When it comes to exploring the great outdoors, British Columbia seems to have it all—hiking up to gorgeous waterfalls, kayaking around hidden lakes, and walking across suspension bridges in the forest.
Earlier this fall, I did all of the above while visiting Canada’s third-most populous province. It was the most active I had ever been in my entire life, and I loved every minute.
I always thought an outdoorsy trip was more aspirational than attainable, especially in a destination like British Columbia. The region’s mountainous terrain, rivers, and forests helped cement its position as one of the best places to do all things outdoors, even at the most extreme levels. (The Greater Vancouver area hosted the Winter Olympics in 2010.)
I’m so glad I proved myself wrong.
I was delighted to find that in BC, it’s not just about extreme sports and activities. In fact it was the perfect place for making outdoor adventures enjoyable for everyone, no matter the skill level.
At the invitation of Destination British Columbia, I arrived in the province with the goal of pursuing activities that anyone can do in two of its most popular destinations, Whistler and Vancouver, and its most up-and-coming, Squamish.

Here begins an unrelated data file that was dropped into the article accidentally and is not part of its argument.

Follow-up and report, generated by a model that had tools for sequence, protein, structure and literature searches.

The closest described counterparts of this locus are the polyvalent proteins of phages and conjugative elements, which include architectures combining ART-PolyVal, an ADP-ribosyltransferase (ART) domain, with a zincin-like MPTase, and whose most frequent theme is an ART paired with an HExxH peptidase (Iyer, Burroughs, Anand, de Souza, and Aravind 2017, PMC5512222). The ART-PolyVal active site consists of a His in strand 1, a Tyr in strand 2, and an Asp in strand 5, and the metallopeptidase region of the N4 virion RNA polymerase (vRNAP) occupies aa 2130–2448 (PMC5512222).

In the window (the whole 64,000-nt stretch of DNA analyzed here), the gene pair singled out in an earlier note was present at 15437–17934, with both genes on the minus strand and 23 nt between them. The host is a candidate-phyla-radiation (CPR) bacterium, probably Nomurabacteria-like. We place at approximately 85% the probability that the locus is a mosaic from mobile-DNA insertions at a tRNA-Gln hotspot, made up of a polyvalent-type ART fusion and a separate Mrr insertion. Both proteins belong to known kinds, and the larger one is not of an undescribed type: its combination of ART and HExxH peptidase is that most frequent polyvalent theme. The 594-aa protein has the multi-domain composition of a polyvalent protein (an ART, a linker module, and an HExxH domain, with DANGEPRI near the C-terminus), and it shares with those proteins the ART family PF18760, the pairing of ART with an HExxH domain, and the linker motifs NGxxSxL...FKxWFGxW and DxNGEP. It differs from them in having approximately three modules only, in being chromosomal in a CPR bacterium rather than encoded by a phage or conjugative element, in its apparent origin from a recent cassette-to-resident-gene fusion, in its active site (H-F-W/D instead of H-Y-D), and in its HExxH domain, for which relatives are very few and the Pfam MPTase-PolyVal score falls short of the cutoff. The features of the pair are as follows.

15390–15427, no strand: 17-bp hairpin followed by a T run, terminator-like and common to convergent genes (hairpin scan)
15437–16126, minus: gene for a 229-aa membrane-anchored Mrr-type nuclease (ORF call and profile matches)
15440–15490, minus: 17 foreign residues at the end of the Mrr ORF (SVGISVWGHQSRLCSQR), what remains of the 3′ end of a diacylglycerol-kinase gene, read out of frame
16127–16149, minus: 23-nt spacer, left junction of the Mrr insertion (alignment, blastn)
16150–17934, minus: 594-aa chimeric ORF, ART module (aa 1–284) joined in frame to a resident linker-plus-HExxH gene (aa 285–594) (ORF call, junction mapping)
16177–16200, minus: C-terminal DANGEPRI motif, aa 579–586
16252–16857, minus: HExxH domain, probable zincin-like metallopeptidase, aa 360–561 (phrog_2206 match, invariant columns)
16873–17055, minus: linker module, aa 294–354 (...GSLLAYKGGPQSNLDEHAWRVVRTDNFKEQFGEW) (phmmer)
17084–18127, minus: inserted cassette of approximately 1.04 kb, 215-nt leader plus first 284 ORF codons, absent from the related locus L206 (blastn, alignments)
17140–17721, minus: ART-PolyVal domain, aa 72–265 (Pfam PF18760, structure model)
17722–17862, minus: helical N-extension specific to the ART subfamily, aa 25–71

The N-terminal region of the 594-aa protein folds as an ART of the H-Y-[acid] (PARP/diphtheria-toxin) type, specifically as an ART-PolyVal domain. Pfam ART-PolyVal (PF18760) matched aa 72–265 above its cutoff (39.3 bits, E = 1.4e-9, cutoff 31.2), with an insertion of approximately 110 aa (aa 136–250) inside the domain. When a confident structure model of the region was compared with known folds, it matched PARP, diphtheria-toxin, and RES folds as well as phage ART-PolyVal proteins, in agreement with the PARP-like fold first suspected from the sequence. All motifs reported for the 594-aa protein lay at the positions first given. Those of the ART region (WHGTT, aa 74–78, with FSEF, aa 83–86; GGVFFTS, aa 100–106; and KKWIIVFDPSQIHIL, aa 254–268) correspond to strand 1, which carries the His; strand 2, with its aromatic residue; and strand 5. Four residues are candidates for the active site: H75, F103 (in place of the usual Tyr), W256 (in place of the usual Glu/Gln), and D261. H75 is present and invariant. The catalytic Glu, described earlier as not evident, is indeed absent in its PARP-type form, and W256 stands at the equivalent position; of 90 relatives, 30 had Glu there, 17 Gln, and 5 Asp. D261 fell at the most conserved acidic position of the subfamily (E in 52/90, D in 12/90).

My trip started in Whistler, a skiing and snowboarding paradise in the winter and a hiking and biking haven in the fall. The weather was perfect. Warm and sunny during the day, with a crisp fall chill in the night. Many of the people I met reminded me that this was unusual for BC as it’s typically rainy and chilly during this time of year. I guess I brought some California sunshine with me. (You’re welcome, British Columbians.)
I wasted no time getting to the many outdoor adventures that awaited me in Whistler. First stop: Peak 2 Peak Gondola, the first of quite a few gondola rides to come during my BC stay.
I stayed in the center of Whistler Village at the Whistler Peak Lodge, which was a short seven minute walk to the gondola. I made sure to arrive not too long after opening time in case there would be long lines, but I guess everyone else had the same idea because there were a lot of people waiting to board.